Threats to internal validity Experimenter bias E.g. Gratitude study Solution Double-blind
Threats to internal validity Hawthorne effect – Increases in productivity that occur when participants know they are being studied. Workers responded to any change in working conditions by working harder than usual. Solution Control group
Common Threats to Internal Validity of Quasi-experiments History Something occurred between the pretest and posttest. Maturation Normal time changes Regression to the mean If extreme scored Ss. were selected. Pretest sensitization Pretest affects the posttest results Selection bias Comparison groups differed from the beginning Local history Contemporary history Attrition/mortality Only most motivated participants stay Only participants who experience less adverse effects of treatment stay
External validity How well the findings of an experiment generalize to other situations or populations.
Threats to external validity Other subjects Sampling/selection bias Other times Other settings
Threats to external validity Sampling bias Motivated volunteers Those available (at home, have phone)
Threats to external validity Other setting Artificial experimental environment
External validity External validity - the ability to generalize results of the experiment. Tight control - highly specific and artificial situation -> less external validity. Internal validity External validity
You are a researcher. In your experiment, you assign the first 20 people in your study to the experimental condition and the second 20 people to your control condition. This could pose a threat to: Internal validity Reliability External validity Construct validity
Saying that some measure is ________ definitely means it is also __________. valid, reliable reliable, valid nominal, numerical observational, self-report none of the above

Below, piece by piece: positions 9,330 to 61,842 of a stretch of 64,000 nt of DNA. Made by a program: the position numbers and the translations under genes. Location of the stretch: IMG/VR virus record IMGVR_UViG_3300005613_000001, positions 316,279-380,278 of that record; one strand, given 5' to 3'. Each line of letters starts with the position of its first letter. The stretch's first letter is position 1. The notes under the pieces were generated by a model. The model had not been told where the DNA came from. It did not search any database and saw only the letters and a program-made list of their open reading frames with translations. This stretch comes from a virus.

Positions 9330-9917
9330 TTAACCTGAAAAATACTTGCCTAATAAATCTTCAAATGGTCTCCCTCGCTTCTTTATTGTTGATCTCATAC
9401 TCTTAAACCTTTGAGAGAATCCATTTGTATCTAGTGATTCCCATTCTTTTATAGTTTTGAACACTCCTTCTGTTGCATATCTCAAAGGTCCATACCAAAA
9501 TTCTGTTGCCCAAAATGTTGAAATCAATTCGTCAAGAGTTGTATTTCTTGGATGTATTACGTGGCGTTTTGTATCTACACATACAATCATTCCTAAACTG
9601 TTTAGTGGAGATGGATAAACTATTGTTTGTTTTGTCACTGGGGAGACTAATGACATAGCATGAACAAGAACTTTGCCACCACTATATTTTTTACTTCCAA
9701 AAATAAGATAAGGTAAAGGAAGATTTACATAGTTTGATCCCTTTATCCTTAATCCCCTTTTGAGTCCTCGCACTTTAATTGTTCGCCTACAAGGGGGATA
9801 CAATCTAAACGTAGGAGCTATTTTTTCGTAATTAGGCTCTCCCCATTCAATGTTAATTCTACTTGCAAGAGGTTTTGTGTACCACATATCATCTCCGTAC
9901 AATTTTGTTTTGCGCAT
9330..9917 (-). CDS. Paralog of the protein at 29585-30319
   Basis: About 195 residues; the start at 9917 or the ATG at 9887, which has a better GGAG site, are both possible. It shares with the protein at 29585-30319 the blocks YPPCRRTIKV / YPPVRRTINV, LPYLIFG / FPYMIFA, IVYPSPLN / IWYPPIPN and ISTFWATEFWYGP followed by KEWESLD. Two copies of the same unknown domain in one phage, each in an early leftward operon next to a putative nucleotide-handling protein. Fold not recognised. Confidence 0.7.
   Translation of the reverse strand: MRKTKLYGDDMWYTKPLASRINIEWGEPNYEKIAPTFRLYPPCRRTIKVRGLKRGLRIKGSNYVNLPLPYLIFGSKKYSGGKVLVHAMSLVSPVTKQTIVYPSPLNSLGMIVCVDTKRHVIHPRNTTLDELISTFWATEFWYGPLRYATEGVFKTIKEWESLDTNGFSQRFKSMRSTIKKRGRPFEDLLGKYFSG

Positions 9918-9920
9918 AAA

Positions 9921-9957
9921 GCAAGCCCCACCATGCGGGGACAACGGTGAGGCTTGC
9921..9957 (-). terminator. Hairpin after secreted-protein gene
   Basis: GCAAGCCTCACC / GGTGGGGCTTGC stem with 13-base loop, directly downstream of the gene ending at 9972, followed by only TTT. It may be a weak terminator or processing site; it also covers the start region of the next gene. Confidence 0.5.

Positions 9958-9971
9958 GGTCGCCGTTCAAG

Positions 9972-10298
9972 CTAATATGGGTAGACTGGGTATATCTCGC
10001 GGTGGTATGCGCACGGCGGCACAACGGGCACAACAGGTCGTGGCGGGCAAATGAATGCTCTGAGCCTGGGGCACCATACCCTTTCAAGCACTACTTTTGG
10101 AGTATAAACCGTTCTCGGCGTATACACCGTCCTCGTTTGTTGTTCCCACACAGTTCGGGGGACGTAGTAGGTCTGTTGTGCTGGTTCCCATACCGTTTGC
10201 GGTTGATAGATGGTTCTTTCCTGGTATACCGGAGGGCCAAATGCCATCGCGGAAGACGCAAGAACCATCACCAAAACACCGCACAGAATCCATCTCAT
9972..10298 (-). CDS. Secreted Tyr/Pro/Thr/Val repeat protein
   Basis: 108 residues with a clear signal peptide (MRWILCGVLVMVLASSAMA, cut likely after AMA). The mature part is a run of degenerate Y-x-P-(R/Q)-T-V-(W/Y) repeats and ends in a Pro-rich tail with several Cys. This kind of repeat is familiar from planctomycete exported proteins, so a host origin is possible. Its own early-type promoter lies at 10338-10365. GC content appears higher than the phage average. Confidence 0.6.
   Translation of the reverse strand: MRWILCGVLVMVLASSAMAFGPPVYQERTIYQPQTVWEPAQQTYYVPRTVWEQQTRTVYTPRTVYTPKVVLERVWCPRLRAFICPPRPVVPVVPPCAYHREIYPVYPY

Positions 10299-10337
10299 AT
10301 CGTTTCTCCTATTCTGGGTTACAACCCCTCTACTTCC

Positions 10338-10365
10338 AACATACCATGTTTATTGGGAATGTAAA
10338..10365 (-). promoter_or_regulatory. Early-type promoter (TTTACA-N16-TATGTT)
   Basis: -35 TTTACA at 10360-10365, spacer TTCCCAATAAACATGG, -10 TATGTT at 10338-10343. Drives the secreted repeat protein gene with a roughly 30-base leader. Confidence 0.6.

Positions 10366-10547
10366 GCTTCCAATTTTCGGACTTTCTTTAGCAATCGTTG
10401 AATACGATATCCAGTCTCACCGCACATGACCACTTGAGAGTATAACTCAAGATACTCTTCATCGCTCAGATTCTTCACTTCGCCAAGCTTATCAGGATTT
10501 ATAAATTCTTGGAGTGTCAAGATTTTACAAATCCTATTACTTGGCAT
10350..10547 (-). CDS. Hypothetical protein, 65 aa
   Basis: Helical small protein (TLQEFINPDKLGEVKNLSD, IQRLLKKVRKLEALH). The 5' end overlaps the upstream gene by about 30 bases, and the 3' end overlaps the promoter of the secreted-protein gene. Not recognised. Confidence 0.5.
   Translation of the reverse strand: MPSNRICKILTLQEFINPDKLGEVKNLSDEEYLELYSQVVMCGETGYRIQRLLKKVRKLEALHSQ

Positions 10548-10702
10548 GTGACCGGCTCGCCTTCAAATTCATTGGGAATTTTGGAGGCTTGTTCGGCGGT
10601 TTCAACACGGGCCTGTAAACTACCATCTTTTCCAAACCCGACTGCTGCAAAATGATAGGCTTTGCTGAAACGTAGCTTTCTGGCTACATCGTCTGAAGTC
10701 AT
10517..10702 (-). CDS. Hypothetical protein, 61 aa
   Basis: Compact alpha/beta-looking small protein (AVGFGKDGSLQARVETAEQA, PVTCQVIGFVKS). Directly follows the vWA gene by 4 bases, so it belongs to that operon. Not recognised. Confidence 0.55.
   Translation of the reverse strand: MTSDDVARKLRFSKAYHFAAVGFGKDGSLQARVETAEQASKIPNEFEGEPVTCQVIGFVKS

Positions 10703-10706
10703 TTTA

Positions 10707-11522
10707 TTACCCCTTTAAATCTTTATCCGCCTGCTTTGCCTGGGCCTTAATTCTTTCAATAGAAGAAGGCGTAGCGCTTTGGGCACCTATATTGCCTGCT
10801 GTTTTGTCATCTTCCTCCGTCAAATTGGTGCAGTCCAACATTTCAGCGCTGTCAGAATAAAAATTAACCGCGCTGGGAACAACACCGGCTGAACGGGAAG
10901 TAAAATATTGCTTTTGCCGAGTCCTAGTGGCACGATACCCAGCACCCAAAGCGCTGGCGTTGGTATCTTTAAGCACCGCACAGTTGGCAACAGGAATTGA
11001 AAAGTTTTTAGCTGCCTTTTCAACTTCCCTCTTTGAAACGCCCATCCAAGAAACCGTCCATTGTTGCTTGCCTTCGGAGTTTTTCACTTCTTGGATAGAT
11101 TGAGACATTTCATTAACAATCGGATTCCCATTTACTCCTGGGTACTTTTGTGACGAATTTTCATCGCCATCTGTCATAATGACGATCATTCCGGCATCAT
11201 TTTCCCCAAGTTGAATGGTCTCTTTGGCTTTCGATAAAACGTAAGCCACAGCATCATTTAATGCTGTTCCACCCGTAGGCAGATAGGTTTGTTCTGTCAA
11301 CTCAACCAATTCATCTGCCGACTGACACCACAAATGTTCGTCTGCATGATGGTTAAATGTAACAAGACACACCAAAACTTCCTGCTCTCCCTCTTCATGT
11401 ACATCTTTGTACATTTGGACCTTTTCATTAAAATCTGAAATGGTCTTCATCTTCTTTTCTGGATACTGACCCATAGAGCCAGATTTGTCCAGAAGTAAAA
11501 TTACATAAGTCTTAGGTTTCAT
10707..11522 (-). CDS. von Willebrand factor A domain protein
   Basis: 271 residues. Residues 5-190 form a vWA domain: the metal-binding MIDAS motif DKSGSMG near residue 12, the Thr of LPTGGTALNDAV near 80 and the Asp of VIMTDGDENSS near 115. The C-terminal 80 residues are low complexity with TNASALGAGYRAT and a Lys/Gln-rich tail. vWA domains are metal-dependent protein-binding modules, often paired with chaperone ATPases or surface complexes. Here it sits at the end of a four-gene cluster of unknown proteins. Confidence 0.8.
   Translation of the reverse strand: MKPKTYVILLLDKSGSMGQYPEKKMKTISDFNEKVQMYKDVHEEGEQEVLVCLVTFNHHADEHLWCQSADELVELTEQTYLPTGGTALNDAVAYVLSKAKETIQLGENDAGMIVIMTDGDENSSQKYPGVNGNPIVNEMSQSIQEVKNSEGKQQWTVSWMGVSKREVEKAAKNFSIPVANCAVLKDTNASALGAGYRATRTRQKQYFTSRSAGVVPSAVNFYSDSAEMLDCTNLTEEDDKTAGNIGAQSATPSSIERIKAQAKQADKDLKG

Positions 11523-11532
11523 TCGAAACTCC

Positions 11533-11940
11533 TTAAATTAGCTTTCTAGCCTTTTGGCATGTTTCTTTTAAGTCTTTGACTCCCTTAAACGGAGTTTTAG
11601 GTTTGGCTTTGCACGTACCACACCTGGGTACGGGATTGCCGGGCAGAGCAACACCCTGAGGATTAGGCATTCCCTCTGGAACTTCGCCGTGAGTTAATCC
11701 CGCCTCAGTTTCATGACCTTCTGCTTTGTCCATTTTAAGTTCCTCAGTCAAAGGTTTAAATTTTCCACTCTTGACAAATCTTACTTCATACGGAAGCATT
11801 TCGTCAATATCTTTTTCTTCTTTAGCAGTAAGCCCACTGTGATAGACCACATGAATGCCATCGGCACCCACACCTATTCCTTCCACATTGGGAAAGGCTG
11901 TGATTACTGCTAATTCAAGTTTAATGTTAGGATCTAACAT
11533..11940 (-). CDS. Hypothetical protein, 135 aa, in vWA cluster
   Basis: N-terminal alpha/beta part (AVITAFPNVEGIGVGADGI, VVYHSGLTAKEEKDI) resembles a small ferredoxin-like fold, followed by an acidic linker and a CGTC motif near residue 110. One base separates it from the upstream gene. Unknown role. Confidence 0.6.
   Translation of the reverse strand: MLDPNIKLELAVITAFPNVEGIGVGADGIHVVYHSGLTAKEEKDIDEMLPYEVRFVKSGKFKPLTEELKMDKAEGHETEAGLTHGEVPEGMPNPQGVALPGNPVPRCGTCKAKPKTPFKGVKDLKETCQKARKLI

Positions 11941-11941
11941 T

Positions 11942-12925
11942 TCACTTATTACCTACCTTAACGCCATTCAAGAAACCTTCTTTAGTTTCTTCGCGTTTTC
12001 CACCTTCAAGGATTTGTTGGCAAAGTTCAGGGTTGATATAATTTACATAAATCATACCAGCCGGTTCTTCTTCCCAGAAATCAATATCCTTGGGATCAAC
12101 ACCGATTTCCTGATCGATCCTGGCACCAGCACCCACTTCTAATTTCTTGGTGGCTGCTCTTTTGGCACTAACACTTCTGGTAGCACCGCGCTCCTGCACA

An experimenter wants to examine if a new behavioral intervention program increases compliance among hypertension patients. For this purpose she recruits hypertension patients with low medication compliance and tests their compliance before and after the intervention. What are the potential threats to internal validity: Regression to the mean Maturation History Pretest sensitization All of the above
Find a threat/threats to internal validity The Alzheimers Center wants to evaluate the effectiveness of their support groups for caregivers of individuals with Alzheimers Disease. The caregivers are given the choice when they first come to the center as to whether they want to join these support groups. The center gives a stress measure to the caregivers that attend these weekly meetings, once they have attended meetings for three months. They also administer the same stress measure to the caregivers who have not attended the support groups, as a control group. Both groups of caregivers are married to the person with Alzheimers disease and both groups have been involved with the center for the same length of time